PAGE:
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does free college makes sense?

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    One of the main drivers for America's prosperity in the 1950's was the G.I, bill, which was signed into law on June 22,1944. Officially called the Servicemen's Readjustment Act of 1944, benefits included low-cost mortgages, low-interest loans to start a business or farm, one year of unemployment compensation, and dedicated payments of tuition and living expenses to attend high school, college, or vocational school. These benefits were available to all veterans who had been on active duty during the war years for at least 90 days and had not been dishonorably discharged.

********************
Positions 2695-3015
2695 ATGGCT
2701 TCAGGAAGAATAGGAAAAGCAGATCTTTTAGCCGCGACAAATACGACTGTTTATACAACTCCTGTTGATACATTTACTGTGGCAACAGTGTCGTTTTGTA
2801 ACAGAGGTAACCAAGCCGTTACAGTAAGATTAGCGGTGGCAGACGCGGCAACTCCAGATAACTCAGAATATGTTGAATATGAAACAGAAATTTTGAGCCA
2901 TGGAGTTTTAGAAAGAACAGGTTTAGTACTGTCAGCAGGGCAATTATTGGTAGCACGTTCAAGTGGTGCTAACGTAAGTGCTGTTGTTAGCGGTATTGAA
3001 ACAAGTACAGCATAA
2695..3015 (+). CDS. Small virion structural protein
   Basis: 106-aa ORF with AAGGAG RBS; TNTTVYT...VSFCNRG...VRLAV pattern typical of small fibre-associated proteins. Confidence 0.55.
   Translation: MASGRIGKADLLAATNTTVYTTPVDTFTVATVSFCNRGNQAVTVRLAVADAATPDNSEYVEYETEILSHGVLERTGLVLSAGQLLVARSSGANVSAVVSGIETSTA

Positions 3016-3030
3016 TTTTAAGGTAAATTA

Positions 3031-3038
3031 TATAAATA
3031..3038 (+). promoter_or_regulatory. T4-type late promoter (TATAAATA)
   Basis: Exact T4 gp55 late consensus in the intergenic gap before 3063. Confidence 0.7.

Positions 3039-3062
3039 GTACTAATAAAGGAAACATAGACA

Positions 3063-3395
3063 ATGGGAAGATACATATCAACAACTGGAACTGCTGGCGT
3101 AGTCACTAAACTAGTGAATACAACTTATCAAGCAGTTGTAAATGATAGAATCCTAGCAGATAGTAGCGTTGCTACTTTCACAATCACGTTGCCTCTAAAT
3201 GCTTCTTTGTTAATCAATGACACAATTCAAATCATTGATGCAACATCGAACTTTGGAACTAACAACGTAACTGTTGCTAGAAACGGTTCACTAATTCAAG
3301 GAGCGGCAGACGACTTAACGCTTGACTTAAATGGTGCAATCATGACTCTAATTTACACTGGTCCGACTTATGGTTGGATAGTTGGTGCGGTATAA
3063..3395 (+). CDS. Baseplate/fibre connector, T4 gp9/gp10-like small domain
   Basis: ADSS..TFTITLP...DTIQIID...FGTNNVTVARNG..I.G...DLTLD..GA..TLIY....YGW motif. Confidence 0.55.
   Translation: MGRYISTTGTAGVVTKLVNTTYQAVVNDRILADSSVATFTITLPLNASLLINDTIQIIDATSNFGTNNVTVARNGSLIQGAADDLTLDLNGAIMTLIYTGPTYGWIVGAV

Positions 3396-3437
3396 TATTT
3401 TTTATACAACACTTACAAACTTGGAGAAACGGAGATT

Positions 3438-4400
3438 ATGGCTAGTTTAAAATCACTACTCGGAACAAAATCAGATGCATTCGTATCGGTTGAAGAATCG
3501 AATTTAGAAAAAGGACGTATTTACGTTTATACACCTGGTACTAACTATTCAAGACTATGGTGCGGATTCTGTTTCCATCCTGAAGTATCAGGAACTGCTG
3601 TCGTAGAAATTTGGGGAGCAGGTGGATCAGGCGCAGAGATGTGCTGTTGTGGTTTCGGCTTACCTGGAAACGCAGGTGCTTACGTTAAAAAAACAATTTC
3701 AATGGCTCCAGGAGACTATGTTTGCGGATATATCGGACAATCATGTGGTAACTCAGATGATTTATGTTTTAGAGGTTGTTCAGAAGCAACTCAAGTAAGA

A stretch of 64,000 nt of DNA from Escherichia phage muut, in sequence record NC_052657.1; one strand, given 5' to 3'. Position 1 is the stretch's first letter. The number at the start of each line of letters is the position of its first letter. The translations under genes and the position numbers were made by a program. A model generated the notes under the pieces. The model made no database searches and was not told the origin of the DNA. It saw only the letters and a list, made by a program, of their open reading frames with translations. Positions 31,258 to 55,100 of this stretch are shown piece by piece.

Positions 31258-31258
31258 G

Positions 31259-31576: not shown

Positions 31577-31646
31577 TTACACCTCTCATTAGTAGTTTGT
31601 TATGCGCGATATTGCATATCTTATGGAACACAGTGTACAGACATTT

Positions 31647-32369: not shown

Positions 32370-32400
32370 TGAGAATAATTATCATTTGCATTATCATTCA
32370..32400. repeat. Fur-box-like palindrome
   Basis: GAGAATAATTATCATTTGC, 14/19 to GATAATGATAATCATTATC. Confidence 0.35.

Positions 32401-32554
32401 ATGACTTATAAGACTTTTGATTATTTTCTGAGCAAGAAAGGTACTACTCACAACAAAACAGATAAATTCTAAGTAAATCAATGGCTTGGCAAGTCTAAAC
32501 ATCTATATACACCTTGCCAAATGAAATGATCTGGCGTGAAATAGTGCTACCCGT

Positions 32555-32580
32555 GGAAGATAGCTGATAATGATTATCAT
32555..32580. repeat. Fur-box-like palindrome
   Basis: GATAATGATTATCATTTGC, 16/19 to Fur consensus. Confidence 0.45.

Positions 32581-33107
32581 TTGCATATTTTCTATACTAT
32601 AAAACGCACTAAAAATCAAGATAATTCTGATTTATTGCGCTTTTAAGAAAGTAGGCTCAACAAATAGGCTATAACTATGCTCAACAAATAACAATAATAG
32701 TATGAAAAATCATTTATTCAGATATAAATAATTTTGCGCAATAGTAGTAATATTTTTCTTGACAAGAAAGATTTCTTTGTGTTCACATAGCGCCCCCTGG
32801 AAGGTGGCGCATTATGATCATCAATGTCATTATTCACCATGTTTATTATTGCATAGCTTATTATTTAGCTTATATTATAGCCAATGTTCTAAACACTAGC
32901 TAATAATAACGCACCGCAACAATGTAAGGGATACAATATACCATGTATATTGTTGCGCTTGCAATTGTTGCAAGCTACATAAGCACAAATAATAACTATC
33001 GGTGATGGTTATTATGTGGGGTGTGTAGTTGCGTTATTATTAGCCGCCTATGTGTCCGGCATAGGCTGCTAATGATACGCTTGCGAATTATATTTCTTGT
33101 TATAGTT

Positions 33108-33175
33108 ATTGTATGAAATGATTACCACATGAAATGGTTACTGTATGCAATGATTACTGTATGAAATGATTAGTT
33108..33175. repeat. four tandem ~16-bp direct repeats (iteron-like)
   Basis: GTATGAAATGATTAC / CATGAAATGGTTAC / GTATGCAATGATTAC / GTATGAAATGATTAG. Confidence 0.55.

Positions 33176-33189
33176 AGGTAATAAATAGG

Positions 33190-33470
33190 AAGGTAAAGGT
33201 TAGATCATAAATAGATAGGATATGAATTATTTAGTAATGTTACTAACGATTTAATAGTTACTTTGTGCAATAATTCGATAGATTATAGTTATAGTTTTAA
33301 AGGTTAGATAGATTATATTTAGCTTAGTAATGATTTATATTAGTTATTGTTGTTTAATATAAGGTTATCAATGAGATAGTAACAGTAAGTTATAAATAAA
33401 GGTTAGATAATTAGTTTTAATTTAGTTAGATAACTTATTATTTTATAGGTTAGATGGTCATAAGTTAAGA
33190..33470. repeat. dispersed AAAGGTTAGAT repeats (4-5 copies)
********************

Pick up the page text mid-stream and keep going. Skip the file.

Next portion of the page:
By 1956, 7.8 million veterans had used the G.I. Bill education benefits, some 2.2 million to attend colleges or universities and an additional 5.6 million for some kind of training program. Historians and economists judge the G.I. Bill a major political and economic success—especially in contrast to the treatments of World War I veterans—and a major contribution to U.S. stock of human capital that encouraged long-term economic growth.

    Today, Elizabeth Warren and Bernie Sanders are advocating for free college, but not everyone thinks that is a good idea. One of those people is Fred Duval, who ran against Doug Ducey in 2014. His bio (listed below) is very impressive. Most noteworthy is the fact that he served on the Arizona Board of Regents for a number of years, starting in 2006. Ducey appointed him to his second term in 2019.

    He published an article in this morning's Arizona Republic that explains why there are better options: